For example, you may have a sales pitch geared toward hourly staff members, then a white paper or a presentation to sell the concept to higher-level management or executives.
Here’s a more in-depth breakdown of the differences you can find between B2C and B2B content:
Emotional vs. Rational
There’s a misconception that B2B customers only think logically, not emotionally. This isn’t exactly true, what is more accurate is that the emotions of a B2B customer are rooted in different reactions and consequences.
For example,a customer may make an impulsive purchase because they’re hungry or the product can help them at that moment.
A B2B client, though, may think about how well the product will impress their bosses.
Both decisions are based on emotion, but what changes is the “next step.”
A customer decides to purchase the item while a B2B client decides to pass marketing materials on to their superior.
B2C content marketing is much more immediate and can drive specific actions.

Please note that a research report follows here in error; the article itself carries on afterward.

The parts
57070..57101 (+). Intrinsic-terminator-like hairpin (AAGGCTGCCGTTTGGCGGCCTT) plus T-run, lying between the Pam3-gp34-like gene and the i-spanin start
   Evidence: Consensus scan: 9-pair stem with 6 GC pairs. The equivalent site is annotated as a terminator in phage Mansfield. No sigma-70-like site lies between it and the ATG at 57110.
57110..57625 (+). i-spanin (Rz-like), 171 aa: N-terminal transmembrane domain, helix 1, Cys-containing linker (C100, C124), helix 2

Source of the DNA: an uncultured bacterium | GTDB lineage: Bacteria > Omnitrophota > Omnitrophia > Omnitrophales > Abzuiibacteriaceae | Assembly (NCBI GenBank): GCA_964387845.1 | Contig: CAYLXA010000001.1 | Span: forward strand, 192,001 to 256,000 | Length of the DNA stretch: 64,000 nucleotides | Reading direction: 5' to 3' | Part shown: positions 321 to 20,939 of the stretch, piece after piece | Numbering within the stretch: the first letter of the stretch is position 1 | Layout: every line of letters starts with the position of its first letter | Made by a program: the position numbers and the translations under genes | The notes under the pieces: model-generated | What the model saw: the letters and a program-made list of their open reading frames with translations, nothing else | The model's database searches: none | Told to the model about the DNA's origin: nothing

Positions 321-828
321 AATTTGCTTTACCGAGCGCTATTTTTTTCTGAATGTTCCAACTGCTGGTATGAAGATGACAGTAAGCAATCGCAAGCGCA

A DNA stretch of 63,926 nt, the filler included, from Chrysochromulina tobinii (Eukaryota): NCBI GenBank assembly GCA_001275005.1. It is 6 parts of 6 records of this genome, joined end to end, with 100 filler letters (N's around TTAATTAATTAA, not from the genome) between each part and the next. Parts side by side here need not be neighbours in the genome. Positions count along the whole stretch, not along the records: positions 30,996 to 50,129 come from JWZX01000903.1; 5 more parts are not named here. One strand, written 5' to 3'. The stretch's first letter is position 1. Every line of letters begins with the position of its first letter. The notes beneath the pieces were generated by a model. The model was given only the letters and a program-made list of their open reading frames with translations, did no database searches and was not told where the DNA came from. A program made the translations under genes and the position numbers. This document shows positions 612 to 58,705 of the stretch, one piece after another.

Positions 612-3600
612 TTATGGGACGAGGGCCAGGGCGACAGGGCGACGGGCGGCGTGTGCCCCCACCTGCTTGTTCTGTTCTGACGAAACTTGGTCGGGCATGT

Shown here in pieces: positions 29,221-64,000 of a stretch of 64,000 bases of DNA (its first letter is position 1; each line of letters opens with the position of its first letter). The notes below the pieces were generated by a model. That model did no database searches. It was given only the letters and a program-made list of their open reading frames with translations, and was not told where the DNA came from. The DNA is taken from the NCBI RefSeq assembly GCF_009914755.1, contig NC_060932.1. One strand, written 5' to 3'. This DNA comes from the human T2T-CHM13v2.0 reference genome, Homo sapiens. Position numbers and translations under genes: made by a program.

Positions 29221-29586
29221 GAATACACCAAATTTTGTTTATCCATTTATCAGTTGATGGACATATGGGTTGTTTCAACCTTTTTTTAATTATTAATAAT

Examples of the actions that customers may take include buying an item, signing up for an email list, or calling to find out more information.
Even in the latter two scenarios, the customer can move forward inside the funnel or back out at any time.
With a B2B client, there might be multiple levels of decision-makers, and the timing between each step in the funnel might take days or weeks to move forward.
Overall, closing the deal with a B2C customer could take a few minutes or a couple of days at most.
With B2B, the average sales cycle can last up to four months.
Realistically, when working with B2B clients, you’ll need to supply a variety of compelling information about your product and your brand.
If each piece is identical to the last, it’s harder to keep various people engaged and move the needle forward.
Instead, it’s much better to have a variety of content available. Here is a list of some examples of types of content for B2B audiences:
White Papers – Industry-leading information about a complex topic that your clients will know about (or want to know more about).
E-Books – An E-book is a comprehensive and informative content piece that takes a deep dive into multi-faceted subjects. When done well, brands can sell E-books or use them as incentives for CTAs.